IRBIL, Iraq April 6 —
U.S. warplanes struck a convoy of allied Kurdish fighters and
U.S. Special Forces during a northern battle Sunday in one of the
deadliest friendly fire attacks of the war. At least 18 people were
killed and more than 45 wounded, including senior Kurdish
commanders, Kurdish officials said.
U.S. Central Command said its "early casualty reports" on what
appeared to be the same incident gave lower figures: one civilian
killed and six people injured, including a U.S. soldier. But the
command said the investigation was not complete.
Among the wounded were a brother and son of Massoud Barzani, head
of the Kurdistan Democratic Party, which runs half the Kurdish
The incident also showed the heightened intensity of combat along
the northern front, where joint U.S.-Kurdish ground offensives
backed by air power have been battling Iraqi forces.
"There is more tension as this front becomes more active in order
to put more pressure on the Iraqi side," said Hoshyar Zebari, a
senior member of the KDP leadership.
Zebari said the "tragic" bombing along battle lines southeast of
Irbil killed at least 17 Kurdish fighters and a translator for the
British Broadcasting Corp., which was following the convoy. The
injured was a roster of some of the KDP's top military
Wajy Barzani, the Kurdish special forces commander and younger
brother of Massoud Barzani, was in critical condition and airlifted
by U.S. forces to a hospital in Germany, said Zebari.
Other senior Kurdish military commanders Saeed Abdullah, Abdul
Rahman, Mamasta Hehman and Mansur Barzani, the political leader's
son also suffered injuries.
Massoud Barzani and the entire top ranks of his party's
leadership were at the hospital, guarded by hundreds of Kurdish
militiamen. Throngs of onlookers pressed forward, making it
difficult for ambulances to pass. U.S. servicemen also arrived with
vehicles, but it was unclear whether they carried any victims.
Zebari said the mistaken bombing could have been caused over a
confusing and changing battle scene between Pir Dawad and Dibagah,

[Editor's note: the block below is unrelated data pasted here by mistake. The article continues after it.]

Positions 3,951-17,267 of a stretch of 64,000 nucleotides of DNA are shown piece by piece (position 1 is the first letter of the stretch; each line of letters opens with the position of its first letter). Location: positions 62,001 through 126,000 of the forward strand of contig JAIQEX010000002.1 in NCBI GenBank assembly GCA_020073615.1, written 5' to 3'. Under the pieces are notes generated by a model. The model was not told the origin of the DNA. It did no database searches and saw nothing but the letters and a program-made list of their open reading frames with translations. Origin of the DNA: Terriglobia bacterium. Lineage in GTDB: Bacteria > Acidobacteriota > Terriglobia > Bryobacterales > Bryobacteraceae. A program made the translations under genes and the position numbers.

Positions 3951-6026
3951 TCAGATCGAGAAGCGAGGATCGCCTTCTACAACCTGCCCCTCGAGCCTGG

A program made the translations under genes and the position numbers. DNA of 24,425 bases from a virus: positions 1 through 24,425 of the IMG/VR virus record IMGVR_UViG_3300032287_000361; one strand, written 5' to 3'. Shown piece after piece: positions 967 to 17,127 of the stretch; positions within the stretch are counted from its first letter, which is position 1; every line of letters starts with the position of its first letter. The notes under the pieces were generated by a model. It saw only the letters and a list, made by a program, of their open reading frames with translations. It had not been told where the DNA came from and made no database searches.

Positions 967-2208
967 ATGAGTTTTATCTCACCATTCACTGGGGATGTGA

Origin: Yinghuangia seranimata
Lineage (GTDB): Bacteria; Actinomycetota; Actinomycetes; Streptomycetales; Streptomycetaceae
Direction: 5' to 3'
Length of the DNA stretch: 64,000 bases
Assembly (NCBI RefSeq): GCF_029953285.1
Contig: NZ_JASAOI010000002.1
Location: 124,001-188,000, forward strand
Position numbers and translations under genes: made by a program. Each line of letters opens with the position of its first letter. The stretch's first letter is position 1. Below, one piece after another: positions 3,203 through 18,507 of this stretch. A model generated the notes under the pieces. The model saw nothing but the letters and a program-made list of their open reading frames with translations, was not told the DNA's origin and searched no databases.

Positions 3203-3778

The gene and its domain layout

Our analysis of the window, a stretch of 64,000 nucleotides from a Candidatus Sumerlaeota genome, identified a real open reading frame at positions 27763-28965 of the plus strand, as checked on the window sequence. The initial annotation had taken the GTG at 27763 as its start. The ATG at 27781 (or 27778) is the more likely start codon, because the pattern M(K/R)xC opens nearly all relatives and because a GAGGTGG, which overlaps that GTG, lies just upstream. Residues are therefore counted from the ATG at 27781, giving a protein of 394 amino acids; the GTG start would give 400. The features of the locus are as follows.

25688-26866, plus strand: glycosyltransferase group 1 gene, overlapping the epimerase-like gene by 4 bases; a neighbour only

25 miles southwest of Irbil.
Kurdish and U.S. forces called for close air support after a
column of Iraqi tanks tried to turn back advancing coalition
soldiers. The convoy was near disabled Iraqi tanks when it was
struck, he said.
The warplanes may have "mistaken some of the tanks that the
(Kurdish fighters) had taken with the new column of tanks," he told
reporters. "This was a war situation and these things happen."
The U.S. statement differed slightly on the location of the
incident, placing it 30 miles southeast of Mosul, near Kalak. Kalak
is 40 miles northwest of Dibagah.
It was not clear whether the convoy was on the front line of
fighting or behind the most forward positions. Hours after the
bombing, the Iraqi forces were pushed back at least 200 yards beyond
Driving Iraqi troops from Dibagah would cut off the main road
connecting the main northern cities in Baghdad hands: Mosul and the
Kirkuk oil center.
At the scene, BBC correspondent John Simpson reported that the
convoy contained eight to 10 cars, two of which carried U.S. Special
Forces troops. BBC translator Kamaran Abdurazaq Muhamed, who had
been working for the corporation since mid-March, died in the
bombing from blood loss after losing his legs.
"This is just a scene from hell here," Simpson said. "All the
vehicles are on fire, there are bodies burning all around me, bits
of bodies all around. ... The Americans saw this convoy and they
bombed it. They hit their own people."
"I saw people burning to death in front of me," reported Simpson,
who suffered minor shrapnel wounds.
Zebari stressed that the incident would not undercut Kurdish
military and political backing for the coalition effort to topple
"It will not affect ... our resolve to work together," Zebari
|Blood stains the road in front
of burned vehicles from a Kurdish convoy Sunday, April 6,
2003, near Makhmur, in Kurdish-controlled northern Iraq, in
this image from video. U.S. aircraft mistakenly bombed the
convoy of allied Kurdish fighters Sunday, killing at least 12
and wounding 45, including a brother of the man who runs half
the Kurdish enclave, a spokesman for the leader's party
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